Let’s review some of these seller’s closing costs more thoroughly.
Title Insurance – Around $1,000-$4000
The cost of title insurance varies from state to state and based on the property’s sales price. First American Title offers a nifty title insurance calculator to help figure out the cost. For the buyer, finding out that there is a problem with the title of the home you sold them could be a huge headache.
There are two types of title insurance policies. One is called a lender’s insurance policy, and the other is called the owner’s policy. Lender’s title insurance will be found in all transactions with a lending institution involved. The owner’s title insurance, on the other hand, is optional.
As a real estate agent, I always recommend buyers have title insurance. If something goes wrong, like if someone else can come in and claim that they own the home, the buyer will have an insurance policy to cover their legal costs.
Title insurance offers protection from someone else who can claim ownership over the property, either because of a dispute over the property or because of unpaid liens from contractors, credit institutions, or even the government. Again, title insurance is not a common sellers closing cost.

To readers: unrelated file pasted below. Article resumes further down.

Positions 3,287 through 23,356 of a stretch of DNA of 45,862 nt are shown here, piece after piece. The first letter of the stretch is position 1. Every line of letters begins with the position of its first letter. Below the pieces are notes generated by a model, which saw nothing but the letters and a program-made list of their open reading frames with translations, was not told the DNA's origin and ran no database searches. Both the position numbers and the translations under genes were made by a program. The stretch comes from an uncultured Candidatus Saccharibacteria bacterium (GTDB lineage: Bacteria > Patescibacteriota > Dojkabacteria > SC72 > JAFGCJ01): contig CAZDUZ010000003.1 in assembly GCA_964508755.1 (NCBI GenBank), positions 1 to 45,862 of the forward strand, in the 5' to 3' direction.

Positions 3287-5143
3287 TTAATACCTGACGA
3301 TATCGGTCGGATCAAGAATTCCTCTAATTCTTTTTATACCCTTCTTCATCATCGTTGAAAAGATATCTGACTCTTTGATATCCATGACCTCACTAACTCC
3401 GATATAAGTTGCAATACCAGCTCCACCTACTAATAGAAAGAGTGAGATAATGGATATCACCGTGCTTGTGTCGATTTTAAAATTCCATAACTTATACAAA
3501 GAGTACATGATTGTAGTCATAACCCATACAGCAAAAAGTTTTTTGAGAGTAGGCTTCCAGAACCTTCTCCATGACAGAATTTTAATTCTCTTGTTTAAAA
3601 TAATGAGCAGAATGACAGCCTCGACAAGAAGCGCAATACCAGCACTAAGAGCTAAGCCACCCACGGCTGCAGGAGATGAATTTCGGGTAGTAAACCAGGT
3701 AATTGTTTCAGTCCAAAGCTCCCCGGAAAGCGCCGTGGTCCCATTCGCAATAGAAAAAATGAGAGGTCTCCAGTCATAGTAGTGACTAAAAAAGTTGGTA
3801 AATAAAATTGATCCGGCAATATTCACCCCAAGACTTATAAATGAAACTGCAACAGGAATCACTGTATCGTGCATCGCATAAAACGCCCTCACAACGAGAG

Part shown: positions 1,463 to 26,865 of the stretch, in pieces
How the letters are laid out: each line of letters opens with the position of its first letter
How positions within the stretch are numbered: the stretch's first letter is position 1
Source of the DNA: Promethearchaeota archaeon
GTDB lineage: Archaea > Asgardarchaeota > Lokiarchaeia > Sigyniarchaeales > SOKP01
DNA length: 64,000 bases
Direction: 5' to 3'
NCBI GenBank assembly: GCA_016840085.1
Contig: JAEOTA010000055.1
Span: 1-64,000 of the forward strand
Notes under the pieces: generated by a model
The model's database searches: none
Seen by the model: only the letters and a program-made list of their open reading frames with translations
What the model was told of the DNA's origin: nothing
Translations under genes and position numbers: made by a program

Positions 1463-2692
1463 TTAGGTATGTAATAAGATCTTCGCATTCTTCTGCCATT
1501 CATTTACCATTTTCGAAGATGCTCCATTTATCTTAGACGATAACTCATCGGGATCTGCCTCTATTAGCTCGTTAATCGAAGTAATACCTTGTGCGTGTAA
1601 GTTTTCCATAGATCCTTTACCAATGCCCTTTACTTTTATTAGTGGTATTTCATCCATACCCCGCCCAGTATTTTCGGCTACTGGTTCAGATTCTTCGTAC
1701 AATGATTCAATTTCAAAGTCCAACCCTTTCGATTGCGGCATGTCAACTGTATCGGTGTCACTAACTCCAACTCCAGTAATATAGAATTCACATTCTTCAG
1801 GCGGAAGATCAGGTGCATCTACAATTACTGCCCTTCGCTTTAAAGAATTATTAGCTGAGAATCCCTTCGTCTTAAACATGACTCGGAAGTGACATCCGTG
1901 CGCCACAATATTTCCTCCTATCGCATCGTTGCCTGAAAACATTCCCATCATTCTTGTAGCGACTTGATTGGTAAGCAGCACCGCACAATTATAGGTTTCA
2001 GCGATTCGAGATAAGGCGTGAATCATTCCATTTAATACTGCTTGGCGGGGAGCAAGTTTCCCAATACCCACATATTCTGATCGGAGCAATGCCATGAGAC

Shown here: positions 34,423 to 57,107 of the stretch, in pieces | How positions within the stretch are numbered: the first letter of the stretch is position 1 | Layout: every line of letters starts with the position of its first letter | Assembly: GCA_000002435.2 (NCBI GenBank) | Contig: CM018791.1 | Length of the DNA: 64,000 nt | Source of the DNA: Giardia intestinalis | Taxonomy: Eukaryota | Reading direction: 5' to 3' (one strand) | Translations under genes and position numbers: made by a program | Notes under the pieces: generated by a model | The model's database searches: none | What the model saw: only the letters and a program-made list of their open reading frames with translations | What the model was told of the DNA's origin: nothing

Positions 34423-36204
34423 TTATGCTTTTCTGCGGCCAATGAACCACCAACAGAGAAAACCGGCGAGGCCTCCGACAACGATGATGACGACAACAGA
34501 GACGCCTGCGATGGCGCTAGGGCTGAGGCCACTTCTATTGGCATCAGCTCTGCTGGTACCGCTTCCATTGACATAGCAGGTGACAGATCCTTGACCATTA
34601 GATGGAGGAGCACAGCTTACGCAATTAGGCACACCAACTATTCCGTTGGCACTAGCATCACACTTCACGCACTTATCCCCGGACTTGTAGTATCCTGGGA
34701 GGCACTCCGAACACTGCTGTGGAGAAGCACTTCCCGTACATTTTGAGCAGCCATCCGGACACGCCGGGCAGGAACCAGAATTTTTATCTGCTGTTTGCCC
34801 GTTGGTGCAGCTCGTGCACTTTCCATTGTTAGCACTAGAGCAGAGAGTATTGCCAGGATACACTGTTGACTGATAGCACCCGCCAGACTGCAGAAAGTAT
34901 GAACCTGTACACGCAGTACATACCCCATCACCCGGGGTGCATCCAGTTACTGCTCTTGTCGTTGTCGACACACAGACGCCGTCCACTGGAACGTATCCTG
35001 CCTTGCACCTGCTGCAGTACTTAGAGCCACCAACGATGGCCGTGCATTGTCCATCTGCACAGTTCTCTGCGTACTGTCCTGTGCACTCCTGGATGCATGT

Appraisal – $450 to $650
Most of the time, the buyer will be the one paying for the real estate appraisal. But there are times where you might wind up paying for the appraisal, such as if you are in a buyer’s market and you really need to get your home sold. If all it takes is paying for the appraisal, you might want to do it.
The appraisal determines the current market value of the home. The appraisal is critical because the buyer’s mortgage depends on it – if your home appraises for less than the amount the buyer offered you for the home, the lender won’t hand over the money. So you want an appraisal that hits somewhere near the buyer’s offer.
Sometimes fighting a low appraisal is necessary if there is a blatant mistake on the appraiser’s part. Most of the time, fighting an appraisal is not successful.